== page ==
I want to show you the basic pattern that we have taken from this book because it has revolutionized our approach to nature notebooking! I want our kids to see their notebooks as a keepsake, a product consistently in the making, so it helps to have a model to follow. This book does just that.
Here is how we organize our nature notebooks.
- Page 1 (left side)- In bold or block letters, write the month at the top of the page. Using inspiration from sights in the backyard or in the woods, draw the plants, animals, trees, scenes as they are in this month. I encourage the kids to make their illustrations colorful.
- Page 2 (right side and following pages, if needed) Write the short form of the date and a journal entry describing what is happening in the natural world around them at this time. The entry should be short, a few sentences, so as not to discourage the child. Since we do nature notebook once a week, they usually have 4 or 5 entries. This helps them to see the slow changes in the seasons.
- *Optional* Pages 3 & 4- For kids who can’t fit it all in the first two pages, they can continue their journal entries on page 3 or draw more sketches on page 4. However, we do like to keep each month in the same open notebook pages so that you can see it all with the spiral open flat.
I let my kids use the book for inspiration. Also, they can write little mottos poems in the margins as Edith Holden does in the book if they like to do that.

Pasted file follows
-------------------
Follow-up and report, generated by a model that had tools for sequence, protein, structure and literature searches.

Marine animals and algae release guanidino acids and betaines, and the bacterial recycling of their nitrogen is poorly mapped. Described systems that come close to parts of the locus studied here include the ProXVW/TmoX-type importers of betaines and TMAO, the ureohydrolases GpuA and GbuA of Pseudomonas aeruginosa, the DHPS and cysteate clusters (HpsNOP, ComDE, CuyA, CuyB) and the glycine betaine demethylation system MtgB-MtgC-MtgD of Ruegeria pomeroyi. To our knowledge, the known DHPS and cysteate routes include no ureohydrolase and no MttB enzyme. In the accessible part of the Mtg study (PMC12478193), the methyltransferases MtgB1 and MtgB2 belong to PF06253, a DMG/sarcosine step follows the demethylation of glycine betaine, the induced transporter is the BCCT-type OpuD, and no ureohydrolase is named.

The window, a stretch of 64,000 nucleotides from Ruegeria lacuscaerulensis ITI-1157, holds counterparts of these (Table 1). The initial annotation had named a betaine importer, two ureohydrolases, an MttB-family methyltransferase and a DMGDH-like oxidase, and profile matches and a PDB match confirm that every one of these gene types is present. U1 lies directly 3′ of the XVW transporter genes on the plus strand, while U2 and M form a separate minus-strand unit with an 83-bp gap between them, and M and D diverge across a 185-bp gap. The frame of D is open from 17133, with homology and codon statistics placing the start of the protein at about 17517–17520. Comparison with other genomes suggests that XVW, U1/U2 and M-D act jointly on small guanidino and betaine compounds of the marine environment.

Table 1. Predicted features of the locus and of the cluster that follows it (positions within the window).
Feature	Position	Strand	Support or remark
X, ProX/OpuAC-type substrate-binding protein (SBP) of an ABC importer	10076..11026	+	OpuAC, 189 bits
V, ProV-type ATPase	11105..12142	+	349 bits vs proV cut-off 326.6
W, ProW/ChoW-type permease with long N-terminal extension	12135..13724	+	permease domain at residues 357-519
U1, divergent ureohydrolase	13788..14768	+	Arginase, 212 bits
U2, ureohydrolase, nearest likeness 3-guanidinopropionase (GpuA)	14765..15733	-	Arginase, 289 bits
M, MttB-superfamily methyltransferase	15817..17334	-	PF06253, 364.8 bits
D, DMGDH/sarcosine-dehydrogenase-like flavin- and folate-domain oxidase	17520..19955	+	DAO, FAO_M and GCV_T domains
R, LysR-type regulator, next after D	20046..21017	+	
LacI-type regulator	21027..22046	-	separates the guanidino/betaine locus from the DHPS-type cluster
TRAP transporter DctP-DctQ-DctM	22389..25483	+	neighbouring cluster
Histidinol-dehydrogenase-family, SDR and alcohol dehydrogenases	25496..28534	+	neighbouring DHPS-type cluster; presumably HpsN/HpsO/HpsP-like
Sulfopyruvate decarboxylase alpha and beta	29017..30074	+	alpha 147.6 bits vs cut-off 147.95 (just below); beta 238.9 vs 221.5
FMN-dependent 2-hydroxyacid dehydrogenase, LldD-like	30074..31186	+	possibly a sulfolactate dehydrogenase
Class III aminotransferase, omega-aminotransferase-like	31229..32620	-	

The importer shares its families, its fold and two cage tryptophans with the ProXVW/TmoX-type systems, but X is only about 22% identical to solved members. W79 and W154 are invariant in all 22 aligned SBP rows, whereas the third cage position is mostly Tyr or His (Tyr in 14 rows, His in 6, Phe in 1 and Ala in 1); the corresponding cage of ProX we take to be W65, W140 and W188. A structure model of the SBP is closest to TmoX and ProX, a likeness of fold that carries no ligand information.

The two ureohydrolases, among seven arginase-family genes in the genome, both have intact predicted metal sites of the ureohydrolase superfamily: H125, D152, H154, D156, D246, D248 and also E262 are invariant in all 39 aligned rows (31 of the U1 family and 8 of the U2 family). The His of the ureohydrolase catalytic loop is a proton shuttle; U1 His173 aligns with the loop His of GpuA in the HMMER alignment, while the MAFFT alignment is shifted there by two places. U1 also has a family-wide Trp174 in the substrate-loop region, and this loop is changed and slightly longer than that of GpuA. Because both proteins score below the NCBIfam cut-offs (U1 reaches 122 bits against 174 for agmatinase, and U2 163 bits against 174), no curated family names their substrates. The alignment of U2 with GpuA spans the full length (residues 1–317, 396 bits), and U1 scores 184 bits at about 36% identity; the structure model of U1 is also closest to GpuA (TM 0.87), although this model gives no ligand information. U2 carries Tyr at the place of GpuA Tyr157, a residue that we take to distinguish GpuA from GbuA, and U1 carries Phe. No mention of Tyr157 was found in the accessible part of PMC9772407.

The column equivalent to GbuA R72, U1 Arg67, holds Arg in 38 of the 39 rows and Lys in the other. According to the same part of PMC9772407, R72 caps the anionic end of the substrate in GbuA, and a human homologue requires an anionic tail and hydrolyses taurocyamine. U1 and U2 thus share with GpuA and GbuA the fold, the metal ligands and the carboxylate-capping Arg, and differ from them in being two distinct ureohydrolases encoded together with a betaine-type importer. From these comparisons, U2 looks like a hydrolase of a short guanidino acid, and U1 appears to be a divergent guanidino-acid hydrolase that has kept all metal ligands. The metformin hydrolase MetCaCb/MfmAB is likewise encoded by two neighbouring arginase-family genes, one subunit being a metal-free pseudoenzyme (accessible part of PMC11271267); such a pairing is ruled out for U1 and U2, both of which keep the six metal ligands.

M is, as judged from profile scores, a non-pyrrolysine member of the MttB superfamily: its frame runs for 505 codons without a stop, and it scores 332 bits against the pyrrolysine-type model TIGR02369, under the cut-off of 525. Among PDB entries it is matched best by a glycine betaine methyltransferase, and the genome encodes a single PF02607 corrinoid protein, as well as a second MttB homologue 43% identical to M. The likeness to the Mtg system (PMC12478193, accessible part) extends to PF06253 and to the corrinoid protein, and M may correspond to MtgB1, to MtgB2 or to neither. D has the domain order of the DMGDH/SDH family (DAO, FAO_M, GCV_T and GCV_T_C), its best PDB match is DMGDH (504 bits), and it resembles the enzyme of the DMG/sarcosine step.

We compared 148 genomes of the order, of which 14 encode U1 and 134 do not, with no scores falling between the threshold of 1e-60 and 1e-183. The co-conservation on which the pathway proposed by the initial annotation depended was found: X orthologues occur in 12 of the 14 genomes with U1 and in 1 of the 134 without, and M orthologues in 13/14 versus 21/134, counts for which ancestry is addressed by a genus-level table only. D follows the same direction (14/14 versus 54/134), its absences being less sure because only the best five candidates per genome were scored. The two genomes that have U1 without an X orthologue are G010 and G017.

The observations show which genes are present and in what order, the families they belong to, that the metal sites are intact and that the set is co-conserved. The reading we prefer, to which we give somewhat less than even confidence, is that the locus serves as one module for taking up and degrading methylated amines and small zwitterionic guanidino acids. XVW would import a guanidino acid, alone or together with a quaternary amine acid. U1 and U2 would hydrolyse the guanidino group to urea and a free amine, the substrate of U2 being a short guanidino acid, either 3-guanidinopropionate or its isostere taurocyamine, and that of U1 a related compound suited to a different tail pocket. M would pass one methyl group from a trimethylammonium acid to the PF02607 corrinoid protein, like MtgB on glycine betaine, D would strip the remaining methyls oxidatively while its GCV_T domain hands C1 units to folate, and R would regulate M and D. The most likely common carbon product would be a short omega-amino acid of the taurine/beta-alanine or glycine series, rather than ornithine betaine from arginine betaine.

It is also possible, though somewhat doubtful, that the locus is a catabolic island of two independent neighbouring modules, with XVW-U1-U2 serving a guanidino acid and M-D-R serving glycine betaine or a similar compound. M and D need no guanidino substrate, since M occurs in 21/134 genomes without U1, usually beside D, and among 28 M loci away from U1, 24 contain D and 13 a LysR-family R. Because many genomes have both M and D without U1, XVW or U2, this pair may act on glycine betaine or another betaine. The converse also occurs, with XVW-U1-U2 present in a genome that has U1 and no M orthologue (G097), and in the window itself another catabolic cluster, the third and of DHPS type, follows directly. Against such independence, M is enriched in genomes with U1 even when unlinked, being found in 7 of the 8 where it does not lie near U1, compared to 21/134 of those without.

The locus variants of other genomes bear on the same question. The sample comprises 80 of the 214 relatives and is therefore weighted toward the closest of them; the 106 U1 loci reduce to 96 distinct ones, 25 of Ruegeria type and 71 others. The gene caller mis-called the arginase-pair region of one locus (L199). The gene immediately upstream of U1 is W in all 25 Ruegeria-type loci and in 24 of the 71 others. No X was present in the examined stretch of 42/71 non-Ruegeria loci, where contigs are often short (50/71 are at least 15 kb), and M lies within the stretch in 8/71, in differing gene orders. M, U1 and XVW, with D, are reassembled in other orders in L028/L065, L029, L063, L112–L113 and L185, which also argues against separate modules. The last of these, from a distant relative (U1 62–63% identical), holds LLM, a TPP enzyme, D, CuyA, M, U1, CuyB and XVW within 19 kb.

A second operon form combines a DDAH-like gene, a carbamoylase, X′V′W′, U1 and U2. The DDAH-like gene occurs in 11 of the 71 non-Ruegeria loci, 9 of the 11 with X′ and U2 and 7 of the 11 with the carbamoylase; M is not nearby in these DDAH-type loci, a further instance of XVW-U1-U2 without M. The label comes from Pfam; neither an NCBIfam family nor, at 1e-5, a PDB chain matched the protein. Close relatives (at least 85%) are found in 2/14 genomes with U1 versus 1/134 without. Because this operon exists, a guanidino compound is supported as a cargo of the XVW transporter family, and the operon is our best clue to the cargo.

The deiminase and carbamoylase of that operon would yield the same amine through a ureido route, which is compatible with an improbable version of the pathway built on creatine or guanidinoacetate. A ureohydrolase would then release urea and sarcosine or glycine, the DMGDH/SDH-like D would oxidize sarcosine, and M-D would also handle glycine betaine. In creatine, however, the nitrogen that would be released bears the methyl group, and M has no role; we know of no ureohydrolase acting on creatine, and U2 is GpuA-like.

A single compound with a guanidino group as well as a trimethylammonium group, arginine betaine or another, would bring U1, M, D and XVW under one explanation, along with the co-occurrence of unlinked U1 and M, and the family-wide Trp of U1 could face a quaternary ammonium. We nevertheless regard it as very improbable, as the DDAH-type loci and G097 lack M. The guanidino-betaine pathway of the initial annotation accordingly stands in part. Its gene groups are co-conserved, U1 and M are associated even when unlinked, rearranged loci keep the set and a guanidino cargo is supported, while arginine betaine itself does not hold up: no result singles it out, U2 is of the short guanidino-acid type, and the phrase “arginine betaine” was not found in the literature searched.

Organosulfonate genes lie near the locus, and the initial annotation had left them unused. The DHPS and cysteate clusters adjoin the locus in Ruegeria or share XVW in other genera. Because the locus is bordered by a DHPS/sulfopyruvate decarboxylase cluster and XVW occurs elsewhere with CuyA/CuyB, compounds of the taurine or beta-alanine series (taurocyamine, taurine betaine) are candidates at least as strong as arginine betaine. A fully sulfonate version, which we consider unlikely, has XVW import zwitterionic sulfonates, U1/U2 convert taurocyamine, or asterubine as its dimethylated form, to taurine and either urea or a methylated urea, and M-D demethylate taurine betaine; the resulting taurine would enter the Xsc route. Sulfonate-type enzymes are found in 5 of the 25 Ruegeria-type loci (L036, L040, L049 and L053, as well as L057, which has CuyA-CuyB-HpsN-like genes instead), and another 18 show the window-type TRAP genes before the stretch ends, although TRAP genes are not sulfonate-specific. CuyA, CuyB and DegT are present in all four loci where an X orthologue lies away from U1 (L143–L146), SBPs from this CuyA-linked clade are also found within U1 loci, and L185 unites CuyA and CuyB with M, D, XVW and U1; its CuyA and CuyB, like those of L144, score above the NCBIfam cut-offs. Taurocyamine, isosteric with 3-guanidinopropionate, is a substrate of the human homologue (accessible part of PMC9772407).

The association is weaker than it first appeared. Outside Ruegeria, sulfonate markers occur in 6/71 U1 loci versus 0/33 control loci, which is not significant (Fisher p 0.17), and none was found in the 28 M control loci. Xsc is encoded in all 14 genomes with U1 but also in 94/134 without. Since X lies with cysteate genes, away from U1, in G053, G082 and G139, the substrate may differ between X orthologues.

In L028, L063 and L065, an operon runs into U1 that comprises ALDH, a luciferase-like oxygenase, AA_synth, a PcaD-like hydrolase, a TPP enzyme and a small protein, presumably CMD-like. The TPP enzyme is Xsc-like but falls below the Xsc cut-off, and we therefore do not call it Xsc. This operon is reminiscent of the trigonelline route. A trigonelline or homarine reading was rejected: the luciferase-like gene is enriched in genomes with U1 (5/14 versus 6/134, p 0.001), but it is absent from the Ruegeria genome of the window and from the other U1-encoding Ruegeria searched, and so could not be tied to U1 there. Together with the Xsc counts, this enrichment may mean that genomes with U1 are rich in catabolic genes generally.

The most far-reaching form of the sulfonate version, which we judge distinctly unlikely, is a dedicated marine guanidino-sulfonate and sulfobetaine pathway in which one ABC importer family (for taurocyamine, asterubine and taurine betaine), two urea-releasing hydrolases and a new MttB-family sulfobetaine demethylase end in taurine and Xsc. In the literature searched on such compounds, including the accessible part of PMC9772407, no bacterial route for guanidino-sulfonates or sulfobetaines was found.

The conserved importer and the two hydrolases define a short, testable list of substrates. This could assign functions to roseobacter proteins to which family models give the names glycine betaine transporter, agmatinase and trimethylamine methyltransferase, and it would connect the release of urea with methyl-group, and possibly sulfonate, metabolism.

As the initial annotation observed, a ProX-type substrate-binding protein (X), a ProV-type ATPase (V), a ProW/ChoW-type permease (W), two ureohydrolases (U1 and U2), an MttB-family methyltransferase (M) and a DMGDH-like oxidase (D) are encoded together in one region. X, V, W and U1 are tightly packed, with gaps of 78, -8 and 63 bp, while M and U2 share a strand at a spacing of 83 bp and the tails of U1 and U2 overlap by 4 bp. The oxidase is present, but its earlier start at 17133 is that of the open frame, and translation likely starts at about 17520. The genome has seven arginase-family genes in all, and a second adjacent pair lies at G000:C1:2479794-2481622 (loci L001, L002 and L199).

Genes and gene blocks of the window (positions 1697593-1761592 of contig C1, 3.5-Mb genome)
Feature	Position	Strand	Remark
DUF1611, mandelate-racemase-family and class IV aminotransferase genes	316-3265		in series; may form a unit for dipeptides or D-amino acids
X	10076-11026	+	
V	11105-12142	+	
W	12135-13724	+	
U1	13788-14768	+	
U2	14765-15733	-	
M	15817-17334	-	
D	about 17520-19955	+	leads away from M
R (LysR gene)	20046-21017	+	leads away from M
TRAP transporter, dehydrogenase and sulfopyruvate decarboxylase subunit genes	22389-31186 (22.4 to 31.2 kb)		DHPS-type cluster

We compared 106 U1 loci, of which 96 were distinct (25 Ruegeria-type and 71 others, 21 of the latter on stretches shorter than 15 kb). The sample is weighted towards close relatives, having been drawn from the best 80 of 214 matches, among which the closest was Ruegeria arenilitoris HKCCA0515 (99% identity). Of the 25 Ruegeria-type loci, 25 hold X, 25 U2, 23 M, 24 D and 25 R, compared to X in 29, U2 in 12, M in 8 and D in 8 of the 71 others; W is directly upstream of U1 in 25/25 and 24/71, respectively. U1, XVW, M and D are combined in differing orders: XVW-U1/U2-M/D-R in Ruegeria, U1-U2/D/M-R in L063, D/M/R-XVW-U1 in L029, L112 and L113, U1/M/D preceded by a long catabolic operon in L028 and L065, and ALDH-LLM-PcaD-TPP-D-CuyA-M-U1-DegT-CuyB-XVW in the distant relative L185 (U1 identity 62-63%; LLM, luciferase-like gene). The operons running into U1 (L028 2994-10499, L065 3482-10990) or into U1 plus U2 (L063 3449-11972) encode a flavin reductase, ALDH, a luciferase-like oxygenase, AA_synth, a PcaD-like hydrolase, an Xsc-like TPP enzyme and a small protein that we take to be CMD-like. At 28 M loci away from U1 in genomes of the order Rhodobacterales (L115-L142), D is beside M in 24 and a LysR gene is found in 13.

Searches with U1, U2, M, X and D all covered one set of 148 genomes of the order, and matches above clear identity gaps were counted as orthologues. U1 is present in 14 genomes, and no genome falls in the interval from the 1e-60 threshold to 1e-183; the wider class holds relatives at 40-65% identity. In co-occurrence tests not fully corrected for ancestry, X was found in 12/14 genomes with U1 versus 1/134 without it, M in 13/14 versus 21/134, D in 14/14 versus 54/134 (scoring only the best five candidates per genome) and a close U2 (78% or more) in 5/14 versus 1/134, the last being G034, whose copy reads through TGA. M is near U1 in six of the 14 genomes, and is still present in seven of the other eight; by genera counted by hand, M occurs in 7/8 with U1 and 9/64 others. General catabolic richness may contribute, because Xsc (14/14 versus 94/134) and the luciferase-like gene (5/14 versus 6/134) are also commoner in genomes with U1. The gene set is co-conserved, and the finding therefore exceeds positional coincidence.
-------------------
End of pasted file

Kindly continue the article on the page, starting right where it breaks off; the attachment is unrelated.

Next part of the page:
Guidelines for Keeping It Simple
The grand goal is for them to love nature. Because of that, I think it is very important how we approach a nature notebook. Here are a few guidelines.
- Don’t set the bar so high. Encourage them to do their best, but let go of all the instagram worthy ideas you find on pinterest. When a child is capturing nature from his or her perspective, he is learning. Do you want their notebooks to look a certain way or do you want them to learn and to love nature? Challenge them to do their best work, but don’t steal the joy by having your expectations too high.
- You don’t have to prioritize nature study year round. It’s ok to focus on it more for certain periods of time and then let it slip to the background for a bit.
Simple Nature Notebook Ideas
- In the back of the notebook, kids might enjoy keeping bulleted lists of birds, trees, and flowers as they learn to identify them.
- Kids can Modge Podge, tape, or press flowers and leaves into the notebook.
- For young children, moms can write their observations in the notebook for them. (They can do their own illustrations.)
What ideas do you have to help kids consistently keep a simple nature notebook? Leave a comment below with your suggestions!
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Hi, I’m Sheri! I am a Christian saved by grace, married to my high school sweetheart, and a thankful mom to ten incredible kids. I’m a former public school teacher who never thought I would someday be a homeschool mom! Drawing on 13+ years of homeschooling experience, follow along to find help for getting started, tried and true homeschooling advice, life skills learning, simple Morning Time ideas, and interviews with everyday homeschool moms just like you!